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the bootstrapper is not having the problem, it is looking in the right registry hive. its the msi that is writing the value to the wrong hive. on win7 64bit, the 32bit msi, some how writes to the 64bit hive, not the expected WOW6432Node like it should. –  Ryan Conrad Jul 28 '10 at 3:18
i meant vista 64bit in my comment, not win7, but anyhow. I know I can do it manually by forcing WOW6432Node, but I shouldn't have to force it, as it should write to there any how, since the installer is 32bit. why do i not have to force WOW6432Node on Win7? –  Ryan Conrad Jul 28 '10 at 11:16
Sorry, I don't understand your comment. You can just define two components one with the registry key Software\WOW6432Node\DroidExplorer\InstallPath and another with the registry key Software\DroidExplorer\InstallPath. For the first component you should use the condition VersionNT64 and for the second one the condition NOT VersionNT64. Your setup will create always the 32-bit version of the key Software\DroidExplorer\InstallPath. –  Oleg Jul 28 '10 at 11:58
I will try that, but currently Win7 64bit works fine. Its Vista 64 & XP 64 that don't. Will an x86 MSI have access to write to Software\WOW6432Node\DroidExplorer\InstallPath on a 64bit machine? I was under the impression that x86 does not know that WOW6432Node exists, it just writes to the registry and the OS handles the reference. This is how it works in Win7 any how. –  Ryan Conrad Jul 28 '10 at 17:57
I am not quite understand your doubt. A 64-bit application on 64-bit operation system work with real registry and with the real file system, so it can write in any parts of registry where permission allows es. Because Administrators has full access to HKEY_LOCAL_MACHINE\SOFTWARE\Wow6432Node then 64-bit application can do this like you can do this with the 64-bit regedit.exe. A 32-bit application on 64-bit operation system works in a virtual world, see and can write only in a subset of registry and file system if the application not explicitly with KEY_WOW64_64KEY flag require other. –  Oleg Jul 29 '10 at 20:03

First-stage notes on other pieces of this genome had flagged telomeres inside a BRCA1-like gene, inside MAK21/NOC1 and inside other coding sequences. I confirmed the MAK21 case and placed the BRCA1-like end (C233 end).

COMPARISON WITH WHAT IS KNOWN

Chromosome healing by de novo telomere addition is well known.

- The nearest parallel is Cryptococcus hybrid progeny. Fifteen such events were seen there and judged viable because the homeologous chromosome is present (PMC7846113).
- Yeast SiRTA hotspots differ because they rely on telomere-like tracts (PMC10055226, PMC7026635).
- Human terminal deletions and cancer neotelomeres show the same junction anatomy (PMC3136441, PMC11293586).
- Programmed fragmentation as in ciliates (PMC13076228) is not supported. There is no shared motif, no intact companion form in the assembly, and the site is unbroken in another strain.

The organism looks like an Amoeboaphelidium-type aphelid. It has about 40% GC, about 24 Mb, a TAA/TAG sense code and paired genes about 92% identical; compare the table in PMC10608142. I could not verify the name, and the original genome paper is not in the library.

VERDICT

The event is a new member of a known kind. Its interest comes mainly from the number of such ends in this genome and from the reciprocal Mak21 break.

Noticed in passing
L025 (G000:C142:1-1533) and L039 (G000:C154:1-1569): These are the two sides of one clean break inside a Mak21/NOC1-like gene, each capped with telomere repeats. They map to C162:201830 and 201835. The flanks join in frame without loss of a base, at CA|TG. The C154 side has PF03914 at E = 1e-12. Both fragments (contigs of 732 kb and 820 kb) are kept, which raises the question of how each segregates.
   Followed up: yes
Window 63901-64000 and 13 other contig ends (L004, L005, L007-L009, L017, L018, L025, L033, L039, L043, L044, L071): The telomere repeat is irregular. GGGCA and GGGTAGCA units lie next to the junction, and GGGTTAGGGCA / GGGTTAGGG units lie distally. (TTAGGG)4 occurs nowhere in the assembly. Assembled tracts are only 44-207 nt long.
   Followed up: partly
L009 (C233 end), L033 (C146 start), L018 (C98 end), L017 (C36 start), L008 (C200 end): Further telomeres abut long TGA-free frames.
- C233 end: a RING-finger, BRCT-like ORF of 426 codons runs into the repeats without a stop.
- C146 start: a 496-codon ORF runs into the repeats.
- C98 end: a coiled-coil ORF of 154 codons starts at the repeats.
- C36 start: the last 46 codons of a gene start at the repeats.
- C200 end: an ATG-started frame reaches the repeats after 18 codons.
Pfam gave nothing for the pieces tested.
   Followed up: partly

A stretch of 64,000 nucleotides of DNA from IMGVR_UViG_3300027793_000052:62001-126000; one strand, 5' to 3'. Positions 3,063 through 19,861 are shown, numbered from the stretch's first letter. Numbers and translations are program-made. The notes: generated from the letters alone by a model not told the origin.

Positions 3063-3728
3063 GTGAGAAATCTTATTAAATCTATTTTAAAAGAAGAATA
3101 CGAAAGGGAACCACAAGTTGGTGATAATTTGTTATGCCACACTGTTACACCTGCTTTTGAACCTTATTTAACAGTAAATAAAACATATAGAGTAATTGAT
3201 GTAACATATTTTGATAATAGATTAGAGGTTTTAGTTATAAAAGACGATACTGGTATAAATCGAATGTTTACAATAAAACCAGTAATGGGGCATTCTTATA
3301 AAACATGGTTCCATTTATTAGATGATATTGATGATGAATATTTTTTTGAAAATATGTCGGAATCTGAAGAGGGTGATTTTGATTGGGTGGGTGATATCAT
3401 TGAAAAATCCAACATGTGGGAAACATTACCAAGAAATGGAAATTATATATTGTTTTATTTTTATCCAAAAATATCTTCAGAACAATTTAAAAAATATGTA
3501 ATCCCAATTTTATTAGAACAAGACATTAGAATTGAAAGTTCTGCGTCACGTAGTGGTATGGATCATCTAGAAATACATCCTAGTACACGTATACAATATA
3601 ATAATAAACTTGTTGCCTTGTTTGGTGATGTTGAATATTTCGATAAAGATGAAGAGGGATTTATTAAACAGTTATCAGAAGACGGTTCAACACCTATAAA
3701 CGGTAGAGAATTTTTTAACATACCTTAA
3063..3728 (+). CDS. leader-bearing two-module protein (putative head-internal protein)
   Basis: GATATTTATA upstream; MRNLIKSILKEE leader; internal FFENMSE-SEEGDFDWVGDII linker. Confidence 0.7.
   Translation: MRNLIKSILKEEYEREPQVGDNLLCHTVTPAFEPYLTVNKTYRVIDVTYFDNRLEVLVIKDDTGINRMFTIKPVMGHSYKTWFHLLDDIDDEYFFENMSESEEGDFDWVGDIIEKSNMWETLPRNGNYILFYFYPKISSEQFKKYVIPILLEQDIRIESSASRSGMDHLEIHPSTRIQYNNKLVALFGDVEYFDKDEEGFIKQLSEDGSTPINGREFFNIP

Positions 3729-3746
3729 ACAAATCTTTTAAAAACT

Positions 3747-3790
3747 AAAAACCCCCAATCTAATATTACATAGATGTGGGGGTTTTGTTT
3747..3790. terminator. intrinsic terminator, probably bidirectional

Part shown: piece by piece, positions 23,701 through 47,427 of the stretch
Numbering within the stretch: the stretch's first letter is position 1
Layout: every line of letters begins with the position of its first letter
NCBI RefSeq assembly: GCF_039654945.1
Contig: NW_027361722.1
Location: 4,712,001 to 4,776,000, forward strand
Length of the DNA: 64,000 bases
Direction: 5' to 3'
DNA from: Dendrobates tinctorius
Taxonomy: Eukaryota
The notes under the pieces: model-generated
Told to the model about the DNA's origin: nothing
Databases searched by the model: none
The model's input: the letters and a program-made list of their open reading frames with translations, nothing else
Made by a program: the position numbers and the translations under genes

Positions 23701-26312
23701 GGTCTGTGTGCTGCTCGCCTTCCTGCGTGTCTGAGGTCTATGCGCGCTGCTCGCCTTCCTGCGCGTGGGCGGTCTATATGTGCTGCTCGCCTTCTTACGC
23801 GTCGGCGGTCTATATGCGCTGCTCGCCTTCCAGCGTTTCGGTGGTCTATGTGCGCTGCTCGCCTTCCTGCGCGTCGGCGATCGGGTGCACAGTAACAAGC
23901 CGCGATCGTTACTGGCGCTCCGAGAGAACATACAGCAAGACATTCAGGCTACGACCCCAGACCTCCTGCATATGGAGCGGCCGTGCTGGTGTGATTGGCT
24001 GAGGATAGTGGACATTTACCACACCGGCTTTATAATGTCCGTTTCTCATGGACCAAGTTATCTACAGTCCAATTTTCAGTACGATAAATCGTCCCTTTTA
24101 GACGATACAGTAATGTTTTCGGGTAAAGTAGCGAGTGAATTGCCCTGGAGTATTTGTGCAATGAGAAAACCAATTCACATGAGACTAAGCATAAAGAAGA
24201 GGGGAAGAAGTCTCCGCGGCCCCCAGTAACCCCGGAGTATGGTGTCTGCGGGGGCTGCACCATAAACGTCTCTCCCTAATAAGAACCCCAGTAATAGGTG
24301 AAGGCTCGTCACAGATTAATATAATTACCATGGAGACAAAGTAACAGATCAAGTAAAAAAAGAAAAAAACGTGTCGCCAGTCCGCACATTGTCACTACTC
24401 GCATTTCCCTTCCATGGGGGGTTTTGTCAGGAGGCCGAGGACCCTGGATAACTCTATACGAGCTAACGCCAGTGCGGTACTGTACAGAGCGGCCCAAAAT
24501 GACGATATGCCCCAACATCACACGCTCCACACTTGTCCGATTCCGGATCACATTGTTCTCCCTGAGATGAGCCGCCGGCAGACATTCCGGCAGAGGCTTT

The only way to do this is through a custom action.

You would have to call RegOpenKeyEx and set 0x100 to the REGSAM samDesired parameter to force use of the 64 bit registry. See RegOpenKeyEx here.

You could not use the standard .Net Registry classes to do this. You will have to manually use P/Invoke if using a .Net language.

You may be better off by providing 2 installers, one for 64 bit and one for 32 bit. This is how we have combated the issue, as it is a lot less complicated.

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I dont want to force the 64 bit registry, i want to use the 32 bit registry, no matter what version of the OS. I tell it the path is within WOW6432Node but it is still writing to the "non-WOW6432Node" path. –  Ryan Conrad Dec 2 '10 at 15:22
You are mislead in how the WoW6432Node works, you cannot specify it in the path to your registry key. If you are running in a 32 bit process on a 64 bit machine, the registry automatically uses this path. If you are writing from a 64 bit process on a 64 bit machine, it uses the standard key. If you need to write to the 32 bit section from a 64 bit installer, put the registry key in it's own component and specify Win64="no", MAKE SURE WoW6432Node is NOT in your path. If that doesn't work, you may have to compile everything for 32 bit. –  jonathanpeppers Dec 2 '10 at 20:49

You have to set the component to win32, using the Win64="No" parameter. Otherwise msi will use as the default whatever system it is run on (i.e., x64 on such OS).

So for example:

<Component Id="C__mycomponent" Guid="MYGUID" Win64="No">
  <RegistryKey Root="HKLM" Key="Software\DroidExplorer\InstallPath" Action="createAndRemoveOnUninstall" />
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This does not work, when i build the x64 version of the application, that installs in the x64 PFiles, it tells me that i am using a 64 bit install directory and doesnt allow the Win64=no –  Ryan Conrad Aug 1 '10 at 16:48
Sure, if you have an x64 component, then the whole msi is x64 and won't allow win32 components. It's not possible (without cheating) to have both win32 and x64 components in a single msi. See here for the details: blogs.msdn.com/b/heaths/archive/2008/01/15/… –  Stefan Aug 1 '10 at 19:04
That post says it should allow writing to both 64 and 32 bit hives, but thats the problem i am having, it doesn't write to the 32 bit hive if it is 64 bit install. I am even supplying WOW6432Node in the registry path. –  Ryan Conrad Aug 1 '10 at 22:38